Osgoode, William (DNB00)
OSGOODE, WILLIAM (1754–1824), Canadian jurist, son of William Osgoode of St. Martin's, London, was born in England in 1754. According to the French Canadian writer Garneau, who does not state any authority, he was a natural son of George II. Osgoode matriculated at Christ Church, Oxford, in 1768, graduated B.A. in 1772, and M.A. in 1777. He became a law student at Lincoln's Inn in 1773, and was called to the bar in 1779. In the same yearhe published 'Remarks on the Laws of Descent,' criticising the views of Mr. Justice Blackstone on this subject. In 1791, after the Canada Bill, Osgoode was appointed chief justice of Upper Canada. He sailed thither in April 1792, accompanied by General Simcoe, the lieutenant-governor of the Upper Province. In 1794 Osgoode was made chief justice of the province of Lower Canada, and settled at the capital, Quebec. Besides the chief-justiceship, he was given the office of president of the committee for the management of the public lands. He excited great dissatisfaction among the French Canadians by the partiality with which he assigned the largest grants to English settlers. The French settlers complained of Osgoode to General Prescott, who became lieutenant-governor of the Lower Province in 1797. The latter promptly took up their side, and a bitter dispute ensued between him and the chief justice. The executive council, which at that time held the supremacy in the colonial government, was closely allied with Osgoode. General Prescott was thus isolated, and his attempts to reform the management of the public lands proved a failure. Both parties eventually appealed to the Duke of Portland, home minister for the colonies, and, after a long correspondence, General Prescott was recalled in 1800. In 1801 Osgoode resigned his office of chief justice of Lower Canada, and returned home. He received a large pension, and lived for the rest of his life in London. He was a strong tory in politics, and on good terms with the chiefs of the government; but he took no part in law or politics beyond twice sitting on royal commissions on the courts of law. He died at his chambers in the Albany on 17 Jan. 1824. The building now occupied by the four superior courts at Toronto is known as Osgoode Hall.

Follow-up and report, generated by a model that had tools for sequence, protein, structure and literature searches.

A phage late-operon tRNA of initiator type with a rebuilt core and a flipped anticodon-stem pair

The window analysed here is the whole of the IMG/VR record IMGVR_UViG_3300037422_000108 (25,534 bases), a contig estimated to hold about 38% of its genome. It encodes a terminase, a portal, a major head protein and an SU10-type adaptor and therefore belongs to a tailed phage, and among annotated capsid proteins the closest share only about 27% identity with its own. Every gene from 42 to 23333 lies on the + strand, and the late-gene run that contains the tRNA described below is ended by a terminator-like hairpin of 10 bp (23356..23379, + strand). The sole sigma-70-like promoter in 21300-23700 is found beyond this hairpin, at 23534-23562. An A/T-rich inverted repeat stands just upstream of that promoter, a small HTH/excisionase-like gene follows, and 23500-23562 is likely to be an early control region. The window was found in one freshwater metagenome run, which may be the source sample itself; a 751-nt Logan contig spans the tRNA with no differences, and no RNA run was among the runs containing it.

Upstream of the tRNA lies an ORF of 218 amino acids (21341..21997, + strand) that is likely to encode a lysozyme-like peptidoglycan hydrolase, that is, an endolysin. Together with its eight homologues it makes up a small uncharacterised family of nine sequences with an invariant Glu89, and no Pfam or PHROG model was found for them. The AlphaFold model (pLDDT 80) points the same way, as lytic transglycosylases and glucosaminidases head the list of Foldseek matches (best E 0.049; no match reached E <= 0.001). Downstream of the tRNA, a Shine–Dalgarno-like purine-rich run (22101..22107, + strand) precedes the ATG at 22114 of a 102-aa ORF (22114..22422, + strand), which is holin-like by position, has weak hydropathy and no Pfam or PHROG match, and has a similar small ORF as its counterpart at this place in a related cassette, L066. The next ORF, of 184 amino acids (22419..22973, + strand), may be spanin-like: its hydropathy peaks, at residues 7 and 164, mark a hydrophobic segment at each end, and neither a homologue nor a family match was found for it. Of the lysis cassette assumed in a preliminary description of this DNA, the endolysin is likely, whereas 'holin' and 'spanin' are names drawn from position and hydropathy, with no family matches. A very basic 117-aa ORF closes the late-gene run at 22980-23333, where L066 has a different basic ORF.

[Garseau's Histoire du Canada; Morgan's Sketches of Celebrated Canadians; Foster's Alumni Oxon.]